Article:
the adjuncts to San Gabriel was El Molino Viejo,--the old mill. Indeed there were two old mills, the first one, however, built in Padre Zalvidea's time, in 1810 to 1812, being the one that now remains. It is about two miles from the Mission. It had to be abandoned on account of faulty location. Being built on the hillside, its west main wall was the wall of the deep funnel-shaped cisterns which furnished the water head. This made the interior damp. Then, too, the chamber in which the water-well revolved was so low that the powerful head of water striking the horizontal wheel splashed all over the walls and worked up through the shaft holes to the mill stones and thus wet the flour. This necessitated the constant presence of Indian women to carry away the meal to dry storerooms at the Mission where it was bolted by a hand process of their own devising. On this account the mill was abandoned, and for several years the whole of the meal for the Mission was ground on the old-style metates.

The region adjacent to the mill was once largely inhabited by Indians, for the foreman of the mill ranch declares that he has hauled from the adjacent bluff as many stone pestles and mortars, metates and grinders as would load a four-horse wagon.

It should not be forgotten that originally the mill was roofed with red tiles made by the Indians at the Mission; but these have entirely disappeared.

It was the habit of Padre Zalvidea to send certain of his most trusted neophytes over to the islands of San Clemente and Catalina with a "bolt" or two of woven serge, made at the Mission San Gabriel, to exchange with the island Indians for their soapstone cooking vessels,--mortars, etc. These traders embarked from a point where Redondo now is, and started always at midnight.

In 1819 the Indians of the Guachama rancho, called San Bernardino, petitioned for the introduction of agriculture and stock raising, and this was practically the beginning of that asistencia, as will be recorded in the chapter on the various chapels. A chapel was also much needed at Puente, where Zalvidea had six hundred Indians at work in 1816.

In 1822 San Gabriel was fearfully alarmed at the rumor that one hundred and fifty Indians were bearing down upon that Mission from the Colorado River region. It transpired that it was an Opata with despatches, and that the company had no hostile intent. But Captain Portilla met them and sent them back, not a little disconcerted by their inhospitable reception.

Of the wild, political chaos that occurred in California after Mexico became independent of Spain, San Gabriel felt occasional waves. When the people of San Diego and the southern part of the State rebelled against Governor Victoria, and the latter confident chief came to arrange matters, a battle took place near Los Angeles, in which he was severely wounded. His friends bore him to San Gabriel, and, though he had entirely defeated his foes, so cleverly did some one work upon his fears that he made a formal surrender, December 6, 1831. On the ninth the leader of the rebels, the former Governor Echeandía, had a conference with him at San Gabriel, where he pledged himself to return to Mexico without giving further trouble; and on the twentieth he left, stopping for awhile at San Luis Rey with Padre Peyri. It was at this time the venerable and worthy Peyri decided to leave California, and he therefore accompanied the deposed governor to San Diego, from which port they sailed January 17, 1832.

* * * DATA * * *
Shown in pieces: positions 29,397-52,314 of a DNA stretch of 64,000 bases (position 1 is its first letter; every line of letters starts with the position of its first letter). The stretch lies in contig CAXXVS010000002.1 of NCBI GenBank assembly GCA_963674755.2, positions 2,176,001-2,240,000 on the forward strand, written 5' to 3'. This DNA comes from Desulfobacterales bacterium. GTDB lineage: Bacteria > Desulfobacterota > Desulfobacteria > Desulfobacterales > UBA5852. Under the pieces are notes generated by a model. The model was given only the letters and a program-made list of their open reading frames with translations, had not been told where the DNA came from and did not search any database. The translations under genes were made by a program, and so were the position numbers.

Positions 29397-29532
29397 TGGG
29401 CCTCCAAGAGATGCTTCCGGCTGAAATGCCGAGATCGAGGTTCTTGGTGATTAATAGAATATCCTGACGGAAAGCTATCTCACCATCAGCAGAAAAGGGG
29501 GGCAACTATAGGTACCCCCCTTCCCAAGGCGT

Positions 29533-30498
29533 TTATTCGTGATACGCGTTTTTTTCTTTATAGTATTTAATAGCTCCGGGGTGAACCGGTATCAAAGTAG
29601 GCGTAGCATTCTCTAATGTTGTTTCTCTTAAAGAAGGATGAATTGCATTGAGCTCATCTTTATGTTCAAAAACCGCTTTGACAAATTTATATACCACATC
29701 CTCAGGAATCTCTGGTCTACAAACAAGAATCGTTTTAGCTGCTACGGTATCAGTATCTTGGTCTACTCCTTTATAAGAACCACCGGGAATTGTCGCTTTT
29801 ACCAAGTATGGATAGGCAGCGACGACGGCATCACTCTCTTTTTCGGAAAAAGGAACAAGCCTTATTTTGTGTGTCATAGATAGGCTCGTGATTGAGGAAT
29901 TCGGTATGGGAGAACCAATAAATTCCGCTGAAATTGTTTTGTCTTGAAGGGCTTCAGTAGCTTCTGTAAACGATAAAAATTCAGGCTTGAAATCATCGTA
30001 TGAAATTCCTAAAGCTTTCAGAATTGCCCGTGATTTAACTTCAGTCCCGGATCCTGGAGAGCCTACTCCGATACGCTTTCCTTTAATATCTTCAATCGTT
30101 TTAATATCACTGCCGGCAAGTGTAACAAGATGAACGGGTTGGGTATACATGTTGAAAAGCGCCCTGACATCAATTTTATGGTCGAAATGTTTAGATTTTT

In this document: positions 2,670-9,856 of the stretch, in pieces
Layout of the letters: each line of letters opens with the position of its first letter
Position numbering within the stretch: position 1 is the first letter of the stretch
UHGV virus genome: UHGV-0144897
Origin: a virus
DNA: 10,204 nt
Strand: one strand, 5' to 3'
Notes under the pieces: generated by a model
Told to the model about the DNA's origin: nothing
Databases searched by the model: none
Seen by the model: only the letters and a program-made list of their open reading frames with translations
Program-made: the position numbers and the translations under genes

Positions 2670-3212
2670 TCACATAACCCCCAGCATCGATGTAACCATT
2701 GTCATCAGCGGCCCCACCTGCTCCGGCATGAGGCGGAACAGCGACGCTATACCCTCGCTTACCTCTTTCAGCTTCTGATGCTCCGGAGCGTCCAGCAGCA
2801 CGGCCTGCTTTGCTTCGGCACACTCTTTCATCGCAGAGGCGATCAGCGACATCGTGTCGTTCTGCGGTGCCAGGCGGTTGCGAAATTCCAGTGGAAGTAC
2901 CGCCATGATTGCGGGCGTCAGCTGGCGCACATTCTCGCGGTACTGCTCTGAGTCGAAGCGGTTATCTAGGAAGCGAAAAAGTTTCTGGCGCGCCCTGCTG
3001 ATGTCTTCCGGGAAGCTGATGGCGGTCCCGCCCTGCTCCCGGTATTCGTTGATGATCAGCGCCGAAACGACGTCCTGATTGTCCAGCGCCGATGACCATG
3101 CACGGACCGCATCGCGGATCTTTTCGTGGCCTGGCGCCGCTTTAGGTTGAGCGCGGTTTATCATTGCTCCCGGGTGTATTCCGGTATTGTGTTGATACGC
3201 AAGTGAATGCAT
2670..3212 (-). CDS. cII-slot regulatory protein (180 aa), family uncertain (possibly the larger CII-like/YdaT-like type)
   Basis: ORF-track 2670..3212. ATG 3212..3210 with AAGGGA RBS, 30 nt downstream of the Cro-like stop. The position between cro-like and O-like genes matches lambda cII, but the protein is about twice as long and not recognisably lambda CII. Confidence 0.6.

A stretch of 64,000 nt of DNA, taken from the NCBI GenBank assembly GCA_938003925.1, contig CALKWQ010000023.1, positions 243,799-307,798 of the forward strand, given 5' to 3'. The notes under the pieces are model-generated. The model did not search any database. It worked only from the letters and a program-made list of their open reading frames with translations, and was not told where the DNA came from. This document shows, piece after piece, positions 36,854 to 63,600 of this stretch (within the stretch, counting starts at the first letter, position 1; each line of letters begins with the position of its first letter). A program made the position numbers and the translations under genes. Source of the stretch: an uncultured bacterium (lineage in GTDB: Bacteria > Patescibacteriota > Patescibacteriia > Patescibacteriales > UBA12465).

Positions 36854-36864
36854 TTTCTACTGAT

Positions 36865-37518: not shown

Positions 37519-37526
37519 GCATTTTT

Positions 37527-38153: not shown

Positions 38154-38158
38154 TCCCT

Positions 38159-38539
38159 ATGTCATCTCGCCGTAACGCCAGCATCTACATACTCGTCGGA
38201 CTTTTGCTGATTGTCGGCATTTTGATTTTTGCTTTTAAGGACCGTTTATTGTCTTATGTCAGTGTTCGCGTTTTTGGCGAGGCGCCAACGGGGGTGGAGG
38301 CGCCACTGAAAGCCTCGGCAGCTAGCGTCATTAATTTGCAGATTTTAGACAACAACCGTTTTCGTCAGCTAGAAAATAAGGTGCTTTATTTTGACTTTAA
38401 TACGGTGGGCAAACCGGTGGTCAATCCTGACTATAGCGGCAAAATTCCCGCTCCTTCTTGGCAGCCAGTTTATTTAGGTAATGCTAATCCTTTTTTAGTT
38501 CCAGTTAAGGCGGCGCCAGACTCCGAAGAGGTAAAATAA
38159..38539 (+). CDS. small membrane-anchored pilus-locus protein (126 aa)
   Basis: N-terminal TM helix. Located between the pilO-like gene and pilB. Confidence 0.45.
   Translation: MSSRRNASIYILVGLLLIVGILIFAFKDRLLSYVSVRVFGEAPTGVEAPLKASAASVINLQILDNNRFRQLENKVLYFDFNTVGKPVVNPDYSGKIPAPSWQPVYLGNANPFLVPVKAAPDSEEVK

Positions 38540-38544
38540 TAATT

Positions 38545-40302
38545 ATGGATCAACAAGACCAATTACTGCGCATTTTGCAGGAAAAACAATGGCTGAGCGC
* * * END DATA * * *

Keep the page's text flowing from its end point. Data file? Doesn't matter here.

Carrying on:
After secularization San Gabriel was one of the Missions that slaughtered a large number of her cattle for the hides and tallow. Pio Pico states that he had the contract at San Gabriel, employing ten vaqueros and thirty Indians, and that he thus killed over five thousand head. Robinson says that the rascally contractors secretly appropriated two hides for every one they turned over to the Mission.

In 1843, March 29, Micheltorena's order, restoring San Gabriel to the padres, was carried out, and in 1844 the official church report states that nothing is left but its vineyards in a sad condition, and three hundred neophytes. The final inventory made by the comisionados under Pio Pico is missing, so that we do not know at what the Mission was valued; but June 8, 1846, he sold the whole property to Reid and Workman in payment for past services to the government. When attacked for his participation in what evidently seemed the fraudulent transfer of the Mission, Pico replies that the sale "did not go through." The United States officers, in August of the same year, dispossessed the "purchasers," and the courts finally decreed the sale invalid.

There are a few portions of the old cactus hedge still remaining, planted by Padre Zalvidea. Several hundreds of acres of vineyard and garden were thus enclosed for purposes of protection from Indians and roaming bands of horses and cattle. The fruit of the prickly pear was a prized article of diet by the Indians, so that the hedge was of benefit in two ways,--protection and food.

On the altar are several of the old statues, and there are some quaint pictures upon the walls.

In the baptistry is a font of hammered copper, probably made either at San Gabriel or San Fernando. There are several other interesting vessels. At the rear of the church are the remains of five brick structures, where the soap-making and tallow-rendering of the Mission was conducted. Five others were removed a few years ago to make way for the public road. Undoubtedly there were other buildings for the women and male neophytes as well as the workshops.

The San Gabriel belfry is well known in picture, song, and story. Yet the fanciful legends about the casting of the bells give way to stern fact when they are examined. Upon the first bell is the inscription: "Ave María Santisima. S. Francisco. De Paula Rvelas, me fecit." The second: "Cast by G.H. Holbrook, Medway, Mass., 1828." The third: "Ave Maria, Sn Jvan Nepomvseno, Rvelas me fecit, A.D., '95." The fourth: "Fecit Benitvs a Regibvs, Ano D. 1830, Sn. Frano."

In the year 1886 a number of needed repairs were made; the windows were enlarged, and a new ceiling put in, the latter a most incongruous piece of work.